Namma Metro work on at K.R. Circle
Metres below the busy K.R. Circle in Bangalore, a handful of men, using sign languages, are coordinating the efforts to burrow a tunnel through hard granite rock, moving a few millimetres a minute, a far cry from the fast-paced vehicles zipping above.
Remaining patient for most part of their back-breaking shift that runs into almost 12 hours each day, they move about operating the tunnel boring machine that is at work for the Namma Metro from Central College Station to Vidhana Soudha, piercing the rock slowly but steadily.
Their sign language, however, is not part of their professional work, but is to break the language barrier, as Thai nationals are working with Indians from across several States, without a common language to communicate. “Most of our communication is through sign language and very little English that we both commonly understand,” said Boonnom Sarachai, an electrical supervisor from Thailand.
“If we fail to communicate with sign language or in English, we show them the equipment and what to do with it,” he said while stating that they do not interact much with each other apart from work-related issues.
Sarachai is among the 60 people from Thailand who have been working in the East-West underground section of the Namma Metro here.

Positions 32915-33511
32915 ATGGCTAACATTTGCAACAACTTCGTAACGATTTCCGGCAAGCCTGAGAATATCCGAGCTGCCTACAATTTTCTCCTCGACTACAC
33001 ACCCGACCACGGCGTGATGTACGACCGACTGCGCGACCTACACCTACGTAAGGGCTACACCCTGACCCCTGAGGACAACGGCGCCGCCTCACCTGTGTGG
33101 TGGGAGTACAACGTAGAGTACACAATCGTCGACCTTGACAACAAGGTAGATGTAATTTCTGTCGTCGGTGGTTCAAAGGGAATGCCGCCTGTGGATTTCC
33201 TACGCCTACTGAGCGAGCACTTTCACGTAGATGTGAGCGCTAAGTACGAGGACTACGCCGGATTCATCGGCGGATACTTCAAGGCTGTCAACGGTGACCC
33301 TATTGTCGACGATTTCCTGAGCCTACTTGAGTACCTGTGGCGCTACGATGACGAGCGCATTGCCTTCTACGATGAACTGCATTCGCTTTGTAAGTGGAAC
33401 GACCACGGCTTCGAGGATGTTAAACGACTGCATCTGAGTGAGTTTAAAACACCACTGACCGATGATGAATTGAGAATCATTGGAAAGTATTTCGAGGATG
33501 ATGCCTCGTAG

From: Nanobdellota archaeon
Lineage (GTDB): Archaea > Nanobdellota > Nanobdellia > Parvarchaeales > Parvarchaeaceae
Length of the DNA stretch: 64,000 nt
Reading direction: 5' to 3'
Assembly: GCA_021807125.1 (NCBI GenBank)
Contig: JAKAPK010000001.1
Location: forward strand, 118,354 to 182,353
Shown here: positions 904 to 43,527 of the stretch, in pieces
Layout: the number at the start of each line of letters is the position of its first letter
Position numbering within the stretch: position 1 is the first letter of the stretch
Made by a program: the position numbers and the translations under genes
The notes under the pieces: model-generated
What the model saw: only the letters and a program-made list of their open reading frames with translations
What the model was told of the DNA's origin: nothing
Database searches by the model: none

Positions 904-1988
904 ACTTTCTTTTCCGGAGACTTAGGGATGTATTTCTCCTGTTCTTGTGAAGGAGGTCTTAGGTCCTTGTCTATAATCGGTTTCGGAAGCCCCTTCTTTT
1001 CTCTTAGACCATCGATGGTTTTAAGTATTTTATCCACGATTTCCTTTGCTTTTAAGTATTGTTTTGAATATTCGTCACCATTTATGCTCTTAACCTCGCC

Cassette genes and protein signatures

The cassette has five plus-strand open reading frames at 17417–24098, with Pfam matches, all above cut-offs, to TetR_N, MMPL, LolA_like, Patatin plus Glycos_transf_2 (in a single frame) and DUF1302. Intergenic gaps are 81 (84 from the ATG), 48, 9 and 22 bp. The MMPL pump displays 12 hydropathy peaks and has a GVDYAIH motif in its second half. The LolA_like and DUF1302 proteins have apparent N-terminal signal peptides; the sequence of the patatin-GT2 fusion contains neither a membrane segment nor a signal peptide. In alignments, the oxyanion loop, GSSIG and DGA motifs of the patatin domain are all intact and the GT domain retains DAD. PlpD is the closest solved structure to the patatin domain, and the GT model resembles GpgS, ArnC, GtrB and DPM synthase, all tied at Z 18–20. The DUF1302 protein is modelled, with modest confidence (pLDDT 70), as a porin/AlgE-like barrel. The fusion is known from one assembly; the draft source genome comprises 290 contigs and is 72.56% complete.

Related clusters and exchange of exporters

“Indian workers, who have been deployed on the site, are mostly helping the Thai workers who are operating the machine,” said R. Balasubramanian, Senior Resident Engineer of BMRCL’s General Consultants.
“There have been times when only a few operators, who were certified healthy, were present during the tunnelling work due to compression issues.
“Changing of discs of the cutter head is quite a skilful job that only the Thais undertake. It requires acclimatisation in the pressure chamber,” he said.
For their part, Indian workers are learning from their Thai counterparts on the nitty-gritty of the tunnel boring machine.
Joginder Pal (45) from Jammu, who has been in the project since February 2011, said that it had been a good experience for him as it was for the first time that he was working in a tunnel project.
All his earlier experience were with the national highways.
“I have learnt a lot,” he said, as another co-worker Vijay Prasad (37) from Gaya in Bihar, nodded in agreement.
The underground work, in a slightly elevated temperature inside the tunnel, takes such toll on the body that after the12-hour shift, the workers prefer to rest rather than go out.
“I have not been to any places of tourist importance or have watched a movie in almost one-and-a-half years of my stay in Bangalore. At end of the day, we are so tired,” said Sarachai, who loves chicken curry and poori when he is not having his Thai dish (prepared by the cook that they have brought from Thailand).